Axel-In-Charge: Extending "Secret Wars," Excitement for a "Totally Awesome Hulk"
Admittedly, it’s harder to get Superman right — that is, it’s easier to craft a satisfying Batman story than it is to tackle the Man of Steel. On top of that, the creative team of Batman Earth One is the well-oiled combination of writer Geoff Johns and penciler Gary Frank, who proved fairly effective on (yes) a series of Superman stories a few years back — not like the first-time teaming of J. Michael Straczynski and Shane Davis on Superman: Earth One.
Therefore, I had higher expectations for Batman: Earth One, because Johns and Frank (with inker Jonathan Sibal and colorist Brad Anderson) had the wind at their backs. In fact, that tailwind helped them craft a satisfying standalone introduction. Batman: Earth One takes full advantage of the graphic-novel format, mixing bits of the Darknight Detective’s history with a few new wrinkles to make a distinctive, cohesive whole that rises above its various high concepts. The worst thing I can say is that all the references reminded me superficially — and only superficially — of Johns’ fan-serving Justice Society episode of Smallville. Still, even if BME1 were just a TV pilot, I’d be pretty excited for the series.
SPOILERS FOLLOW, of course:
For those concerned about such things, I presume that Batman Earth One shares the globe with its red-and-blue predecessor. I mention this because where Superman: Earth One had virtually no Easter eggs and kept the familiar villains to a minimum, BME1 is practically teeming with old friends. Besides the all-new, all-different Alfred Pennyworth and a beaten-down James Gordon, there are significant roles for Harvey Bullock, Lucius Fox, and Barbara Gordon. The plot revolves around one major villain, teases two more, and reveals that a fourth (guess who!) has a twin. I think there was even a Huntress reference.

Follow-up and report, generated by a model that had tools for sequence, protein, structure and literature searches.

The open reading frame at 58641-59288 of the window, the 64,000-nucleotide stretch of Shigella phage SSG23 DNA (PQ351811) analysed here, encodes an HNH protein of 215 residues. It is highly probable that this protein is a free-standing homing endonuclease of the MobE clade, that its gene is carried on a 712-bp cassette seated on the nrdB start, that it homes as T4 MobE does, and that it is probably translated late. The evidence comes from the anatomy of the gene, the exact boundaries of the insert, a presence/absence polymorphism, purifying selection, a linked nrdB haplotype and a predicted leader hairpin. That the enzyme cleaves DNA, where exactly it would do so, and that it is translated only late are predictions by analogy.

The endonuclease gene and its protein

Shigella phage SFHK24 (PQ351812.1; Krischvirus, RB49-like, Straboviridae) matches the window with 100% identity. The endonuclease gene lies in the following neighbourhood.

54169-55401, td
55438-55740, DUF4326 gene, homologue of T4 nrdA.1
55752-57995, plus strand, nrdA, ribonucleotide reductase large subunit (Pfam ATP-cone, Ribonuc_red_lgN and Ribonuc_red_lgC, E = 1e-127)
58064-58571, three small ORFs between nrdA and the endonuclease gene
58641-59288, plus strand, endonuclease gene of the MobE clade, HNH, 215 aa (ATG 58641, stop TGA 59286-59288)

Again, most of these characters have been tweaked to various degrees, but it’s hard to tell at this point whether the tweaks serve them or the larger plot. While BME1 deals with the Wayne murders, beyond that it doesn’t go deeply into the whys and wherefores of “Batman.” In this respect it avoids the philosophical issues which tripped up Superman: Earth One, in favor of creating a setting which could produce a Batman.
Specifically, on Earth One Dr. Thomas Wayne and Martha Arkham-Wayne represented two pillars of Gotham history. (As one character explains, “[t]he Arkhams built this city. The Waynes paid for it.”) When Thomas Wayne ran for mayor, he hired Alfred Pennyworth, a Royal Marine who had saved his life, to provide security for his family — but Alfred’s first night happened to be the Waynes’ regular Movie Night. Thus, the Waynes were killed to ensure that various corrupt interests controlled Gotham; which in turn caused Bruce to dedicate his life, etc., etc. Batman gets to do some detective work, but the solution to the Wayne mystery arises out of circumstance more than sleuthing. Indeed, we meet one key part of the Wayne murders in the first few pages, which makes the rest of the book pretty easy to follow. (Most of BME1 is just following the cast around as they put the pieces together.) There are final confrontations in Arkham Asylum and a skyscraper office, and at the end of it Bruce and Alfred swear to make “Batman” a legend.